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For All George Osborne's Rhetoric, Too Many of the Tories' Policies Remain Anti-Working People

08/07/2015 07:00 BST | Updated 07/07/2016 10:59 BST

Today George Osborne sets out his first budget as Chancellor in a majority Conservative Government.

Talk is cheap - now is the time to put to the test his claim that the Tory party can really be the party of working people.

After all the extensive briefing, it's not looking good for George Osborne's claims for his Party.

For a start, its clear tax credits are first in the firing line even though that will hit working mothers hardest. The idea that removing tax credits will better reward work is baloney. Seventy per cent of those who get tax credits are in jobs.

But as the low paid, low productivity economy has grown, more families find they can't cover childcare, or transport on their wages, and fear they would be better off on benefits. As I argued last week, sensible welfare reform supports work incentives and makes sure work pays - that's what tax credits help achieve.

Cutting inheritance tax on the richest estates in the country while those on the lowest pay are being hard hit is the wrong priority for Britain.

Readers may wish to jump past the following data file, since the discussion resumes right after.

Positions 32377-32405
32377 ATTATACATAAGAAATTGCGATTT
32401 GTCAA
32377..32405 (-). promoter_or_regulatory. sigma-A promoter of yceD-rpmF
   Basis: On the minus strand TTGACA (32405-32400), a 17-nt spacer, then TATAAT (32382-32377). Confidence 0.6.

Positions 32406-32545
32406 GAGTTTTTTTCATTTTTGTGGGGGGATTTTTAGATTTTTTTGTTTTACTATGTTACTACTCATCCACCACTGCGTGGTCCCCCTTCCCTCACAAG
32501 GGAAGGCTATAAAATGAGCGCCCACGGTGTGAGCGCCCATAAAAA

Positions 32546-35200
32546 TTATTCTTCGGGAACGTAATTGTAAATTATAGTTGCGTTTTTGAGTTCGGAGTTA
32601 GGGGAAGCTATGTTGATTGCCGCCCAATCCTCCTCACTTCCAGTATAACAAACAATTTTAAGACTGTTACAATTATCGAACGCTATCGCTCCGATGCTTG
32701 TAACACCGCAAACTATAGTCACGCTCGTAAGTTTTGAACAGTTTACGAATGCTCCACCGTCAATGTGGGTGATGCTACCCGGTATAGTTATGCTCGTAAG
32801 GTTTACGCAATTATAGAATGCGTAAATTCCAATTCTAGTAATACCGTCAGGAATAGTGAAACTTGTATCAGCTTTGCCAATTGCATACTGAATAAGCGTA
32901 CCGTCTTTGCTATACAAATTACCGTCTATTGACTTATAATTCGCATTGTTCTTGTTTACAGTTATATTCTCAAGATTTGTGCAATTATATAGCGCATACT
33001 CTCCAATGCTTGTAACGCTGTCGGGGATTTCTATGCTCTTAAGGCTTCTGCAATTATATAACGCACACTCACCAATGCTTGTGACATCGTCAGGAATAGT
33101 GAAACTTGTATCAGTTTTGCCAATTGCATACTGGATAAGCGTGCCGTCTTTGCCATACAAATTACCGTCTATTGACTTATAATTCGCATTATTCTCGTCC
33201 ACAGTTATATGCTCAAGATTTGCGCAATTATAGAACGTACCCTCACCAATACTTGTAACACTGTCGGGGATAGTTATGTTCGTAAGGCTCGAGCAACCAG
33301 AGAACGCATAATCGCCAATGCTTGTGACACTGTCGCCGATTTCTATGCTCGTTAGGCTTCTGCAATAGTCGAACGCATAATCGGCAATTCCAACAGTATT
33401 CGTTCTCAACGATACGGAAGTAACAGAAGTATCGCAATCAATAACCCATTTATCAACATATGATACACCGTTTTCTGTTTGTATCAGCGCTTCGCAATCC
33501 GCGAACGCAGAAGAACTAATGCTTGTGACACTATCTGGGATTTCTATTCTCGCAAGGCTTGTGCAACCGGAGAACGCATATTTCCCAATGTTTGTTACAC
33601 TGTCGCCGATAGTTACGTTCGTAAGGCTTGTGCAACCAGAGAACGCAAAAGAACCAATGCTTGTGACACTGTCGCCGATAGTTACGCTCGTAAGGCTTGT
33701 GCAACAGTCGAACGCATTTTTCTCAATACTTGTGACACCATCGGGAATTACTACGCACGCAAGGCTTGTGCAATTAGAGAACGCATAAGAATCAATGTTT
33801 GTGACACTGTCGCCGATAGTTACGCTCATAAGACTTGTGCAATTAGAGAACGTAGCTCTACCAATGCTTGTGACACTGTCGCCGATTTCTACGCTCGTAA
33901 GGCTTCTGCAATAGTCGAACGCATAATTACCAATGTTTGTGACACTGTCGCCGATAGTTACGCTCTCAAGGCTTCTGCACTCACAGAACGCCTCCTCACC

Nor does the Chancellor look likely to do enough to support the good quality, high skilled jobs that working people need. So far he has shelved crucial plans for transport investment in the Midlands and North - despite promising the trans pennine and midland mainline upgrades before the election. Further education has been targeted for the biggest post election cuts this year. And there is still no sign of the transformation of vocational education and skills that we need to support productivity growth.

For all George Osborne's rhetoric, too many of the Tories' policies remain anti-working people.

A real agenda for working people today based on Labour values would mean not just the long overdue increases in the minimum wage, but strong incentives for the living wage, continued support for tax credits, a plan for a childcare revolution to support working parents.

And perhaps most of all it needs a positive strategy to boost good quality high tech jobs for the future so Britain doesn't just compete on low skilled, low productivity jobs, losing out in the global competition for good jobs to India, China and other countries.

A target to increase Britain's R&D investment to 3% working with business could generate two million more high skilled manufacturing jobs - that would be great news for working people. And it would help support the strong growth we need to get the deficit back down, making it possible to run surpluses in future bringing down debt and to sustain our vital public services too.

Yvette Cooper is the shadow home secretary and Labour MP for Normanton, Pontefract and Castleford